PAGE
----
KUCHING, Aug 7: Rise of Social Efforts (Rose) is urging the Election Commission (EC) to allow postal voting for Sarawakians and Sabahans living outside both states.
Its spokesperson Ann Teo advocated for reforms in the electoral system to allow postal voting.
“We (also) urge that the EC extends this right (posting voting) to all other overseas Malaysians and specifically Sarawakians (who will have a state election due by June 2021) and Sabahans (who will be facing a snap state election) who are residing or working in our neighbouring Asean regions Brunei, Singapore, South Thailand and Kalimantan, Indonesia.
“Bersih 2.0 and Global Bersih along with many other election reform advocacy groups like Engage and Rose have made numerous calls for Absentee Voting provisions to be reformed.
“In July 2019, the Election Commission had also announced their Reform Action Plan under which six policy committees had been formed as part of their Reform Plan, to work on various aspects of improving the process of elections.
“We note that the Committee on Absentee Voters (Jawatankuasa Pengundi Tidak Hadir) took cognizance of these calls to enfranchise East Malaysian voters living/working away from their home state in Peninsular Malaysia by enabling them to vote ‘out-of-region’ by reforming the Absentee Voting and Postal Vote process,” Teo revealed in a press statement today.
She added that Bersih Sarawak notes with great disappointment that the Minister in the Prime Minister’s Dept responsible for law has ruled out the possibility of giving Sarawakians residing outside the state the right to cast their vote by postal ballot. He apparently said this in response to a question asked in Parliament by Bandar Kuching MP Dr Kelvin Yii.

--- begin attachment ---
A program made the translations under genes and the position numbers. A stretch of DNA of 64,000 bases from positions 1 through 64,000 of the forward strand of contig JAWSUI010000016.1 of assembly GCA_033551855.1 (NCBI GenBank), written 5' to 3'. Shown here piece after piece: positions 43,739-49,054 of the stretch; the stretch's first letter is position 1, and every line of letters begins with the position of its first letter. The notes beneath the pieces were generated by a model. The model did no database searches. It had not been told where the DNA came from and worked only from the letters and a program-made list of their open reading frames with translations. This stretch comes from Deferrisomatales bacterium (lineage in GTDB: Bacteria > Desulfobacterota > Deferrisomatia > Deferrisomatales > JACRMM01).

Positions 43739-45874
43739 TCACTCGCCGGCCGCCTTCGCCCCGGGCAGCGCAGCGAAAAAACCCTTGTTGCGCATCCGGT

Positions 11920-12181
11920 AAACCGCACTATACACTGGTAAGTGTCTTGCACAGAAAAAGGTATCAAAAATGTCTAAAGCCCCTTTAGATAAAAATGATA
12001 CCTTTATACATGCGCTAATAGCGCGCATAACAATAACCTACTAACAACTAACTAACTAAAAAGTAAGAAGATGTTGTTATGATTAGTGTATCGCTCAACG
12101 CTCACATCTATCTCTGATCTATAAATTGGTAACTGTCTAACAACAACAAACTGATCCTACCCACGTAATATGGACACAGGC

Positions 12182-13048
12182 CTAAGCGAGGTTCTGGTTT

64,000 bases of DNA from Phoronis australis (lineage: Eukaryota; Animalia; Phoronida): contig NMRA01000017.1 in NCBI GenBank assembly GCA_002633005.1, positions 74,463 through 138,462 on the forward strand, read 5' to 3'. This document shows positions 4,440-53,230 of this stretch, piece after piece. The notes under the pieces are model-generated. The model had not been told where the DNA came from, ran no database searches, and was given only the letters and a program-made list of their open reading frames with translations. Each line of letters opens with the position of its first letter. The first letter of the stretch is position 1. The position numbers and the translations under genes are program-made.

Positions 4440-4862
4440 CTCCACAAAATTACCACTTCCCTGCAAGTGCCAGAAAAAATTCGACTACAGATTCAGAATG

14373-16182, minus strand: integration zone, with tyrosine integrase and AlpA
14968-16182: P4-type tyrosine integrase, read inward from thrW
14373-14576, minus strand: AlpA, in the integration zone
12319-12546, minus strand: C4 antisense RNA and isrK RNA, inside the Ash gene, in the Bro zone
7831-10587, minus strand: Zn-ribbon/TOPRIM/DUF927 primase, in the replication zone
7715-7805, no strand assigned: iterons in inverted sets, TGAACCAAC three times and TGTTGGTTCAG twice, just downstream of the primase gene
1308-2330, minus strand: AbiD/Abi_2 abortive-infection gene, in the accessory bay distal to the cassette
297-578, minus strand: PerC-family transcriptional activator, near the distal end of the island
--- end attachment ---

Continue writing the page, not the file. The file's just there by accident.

“The minister said that for voters living outside of Sarawak, there is no provision under the law to enable voters (like) them to utilise postal ballots.
“In fact we are of the view that if the Election Commission is ready to extend this method to cover for Sarawakians (and Sabahans) who live, study or work outside the state in other parts of Malaysia and whose voting addresses are still in their home state, it is a matter of a simple notification by way of gazette.
“Regulation 3 (1)(e) of the Elections (Postal Voting) Regulations 2003 provides that any person who has registered as an elector under the Elections (Registration of Electors ) Regulations 2002 and is “a member of any category of persons designated as postal voters by the Election Commission from time to time by notification in the Gazette” shall on receipt of a postal ballot paper, be entitled to vote as a postal voter at an election in accordance with these Regulations.
“This was what was done before the last General Elections to extend postal voting to staff from nine agencies including Fire and Rescue Department, Prisons Department, Maritime Enforcement Agency, Police Reserve Volunteers, Immigration Department, Health Department, National Registration Department, Civil Defence Force, and National Disaster Management Agency who are on duty on polling day,” Teo disclosed.
She opined that the current Covid-19 pandemic has presented more barriers to the above category of Sabahans and Sarawakians to travel home to vote.
“Other than the health risks posed to those who travel by flight and public transportation, the much lesser frequency and costs of flights across the South China Sea will be an added burden not to mention the loss of income or jobs for certain job classes or industries.
“Under these circumstances a large chunk of Sarawakians and Sabahans will be excluded from exercising their democratic rights to choose their ‘wakil rakyat’ (elected representative) and indeed to determine the future of their home state if the right to vote including the option to vote via postal ballot is not extended to them,” Teo emphasised. — DayakDaily